As a plane droned overhead above a sea of red, white and blue at a packed Ibrox, the joke was not lost on the Celtic players below.

“Hail! Hail! The Celts are here” read the banner the light aircraft trailed, a message to the small squad below enemy lines that they weren’t entirely alone.

“I remember we were warming up and one of the lads spotted it, 
I can’t remember who,” recalled Simon Donnelly. “It gave us all 
a chuckle.”

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In what would become an infamous afternoon at Ibrox, Celtic and Rangers settled for a point apiece after a 1-1 draw but the moral victory belonged to the Parkhead club.

Banned, in 1994, from taking any supporters to Ibrox by then chairman David Murray who claimed they had caused damage to the stadium on previous visits and for which Celtic had refused to pay the bill, he said that no Celtic fan would be admitted to the ground.

Not even members of the board attended the game.

“It was a really strange experience,” recalled Donnelly. “It was only us as players and those who were in the dug-out. That was it. It was completely surreal. There is no question that it felt like walking into the Lion’s den. You could sense the animosity towards us before we had even got off the bus!

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“We felt like we were representing the club and it gave us a real determination to go and get something. It definitely fired us up. I was just a kid. I was already super excited to be going out there and playing and the whole experience and hullabulloo around the game just inspired us to go out and lift it a bit.”

The game was the first time that Donnelly had played against the Ibrox side after just breaking into the Celtic senior team.

Such was the absence of anyone of a Celtic persuasion that Donnelly’s grandfather and dad borrowed season tickets off a Rangers fan in order that they could get into the ground to see him play. I think there might have been a few like that dotted around the ground but they were sensible enough to keep it quiet!” he joked.

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Whether the plans for the forthcoming season will have anyone smiling remains to be seen. Rangers have slashed the allocation of tickets for the Celtic support to around 800, a significant fall from the 8000 that routinely filled the Broomloan stand. 

Given the manner in which they have partied at Ibrox as Celtic have held court over Rangers in recent seasons has clearly been part of the thinking although with the Parkhead side responding in kind, there are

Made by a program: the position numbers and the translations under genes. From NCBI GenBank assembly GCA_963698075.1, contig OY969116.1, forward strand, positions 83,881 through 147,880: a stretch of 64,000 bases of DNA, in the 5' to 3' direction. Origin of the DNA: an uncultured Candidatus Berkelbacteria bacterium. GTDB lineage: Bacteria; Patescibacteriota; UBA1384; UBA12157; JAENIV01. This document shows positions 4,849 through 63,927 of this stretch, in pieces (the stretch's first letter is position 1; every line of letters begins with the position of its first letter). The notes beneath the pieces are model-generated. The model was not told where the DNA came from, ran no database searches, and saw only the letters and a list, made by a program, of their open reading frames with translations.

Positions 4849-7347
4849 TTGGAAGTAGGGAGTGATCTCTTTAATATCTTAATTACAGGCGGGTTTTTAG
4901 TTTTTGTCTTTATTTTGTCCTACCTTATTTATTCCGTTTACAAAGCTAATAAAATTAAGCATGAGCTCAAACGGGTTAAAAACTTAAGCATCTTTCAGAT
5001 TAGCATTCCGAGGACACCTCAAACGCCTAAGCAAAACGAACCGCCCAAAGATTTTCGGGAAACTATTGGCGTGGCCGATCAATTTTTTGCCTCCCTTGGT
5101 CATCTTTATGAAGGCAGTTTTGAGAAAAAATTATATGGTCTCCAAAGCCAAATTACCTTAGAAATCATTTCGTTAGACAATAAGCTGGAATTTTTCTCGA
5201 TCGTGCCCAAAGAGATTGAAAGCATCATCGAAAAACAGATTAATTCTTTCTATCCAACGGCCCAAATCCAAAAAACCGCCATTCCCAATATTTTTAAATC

fears that the unique atmosphere of the game will be diluted.

Certainly, though, if there is a suggestion that having a stadium of 50,000 voices in unison will offer a level of intimidation to Celtic going to Ibrox or the other way around, Donnelly believes it is a thought process that has been misplaced.

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“When you play at Ibrox as a Celtic player you are taking it from three ends of the stadium anyway,” he said. “If you are at the opposite end of the pitch than your own support then it is a wall of blue and you know that you are always going to take some abuse.

“It just won’t affect players in any way. If the players aren’t good enough then it doesn’t matter how many they outnumber the visiting support. Like that day when we went to Ibrox, you score a goal and all you can hear are the voices of your own team-mates in a strange kind of silence.

“If you are playing well then it doesn’t matter the size of the audience; they will fall silent. The people I feel for are the supporters. It will be a scramble for both sides to try to get tickets for the game and it’s a shame because they both add a sense of occasion to the game.

“When you see the Celtic fans at Ibrox and the Rangers fans at Celtic, it just gives something extra to the game. It won’t affect players at all in terms of intimidating them or making them go into their shell.

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“Professional footballers will turn it on anywhere. They just block out 
the noise. The bottom line is that if the players aren’t good enough to win a game on the park then there’s no way to influence that with what is going on around about them. The players need to be up for it, that’s the bottom line.”

Meanwhile, as Celtic stand on the cusp of breaking their own transfer record to bring Odsonne Edouard to the club on a permanent deal 
from PSG after a season on loan, Donnelly has admitted that he was converted from his original verdict on the 20-year-old.

“I wasn’t convinced at first,” admitted the former Scotland internationalist. “But I have to say that as time has gone on and he has played more games then there is definitely something.

“When you see that goal at Ibrox back in march then you have to think that kind of form is something that the likes of Brendan Rodgers 
and the other coaches are seeing on a daily basis.

“Given the age he is and the reputation that Rodgers has of making 
players better then you would have to expect that it could be another shrewd bit of business when it comes to looking further down 
the line.”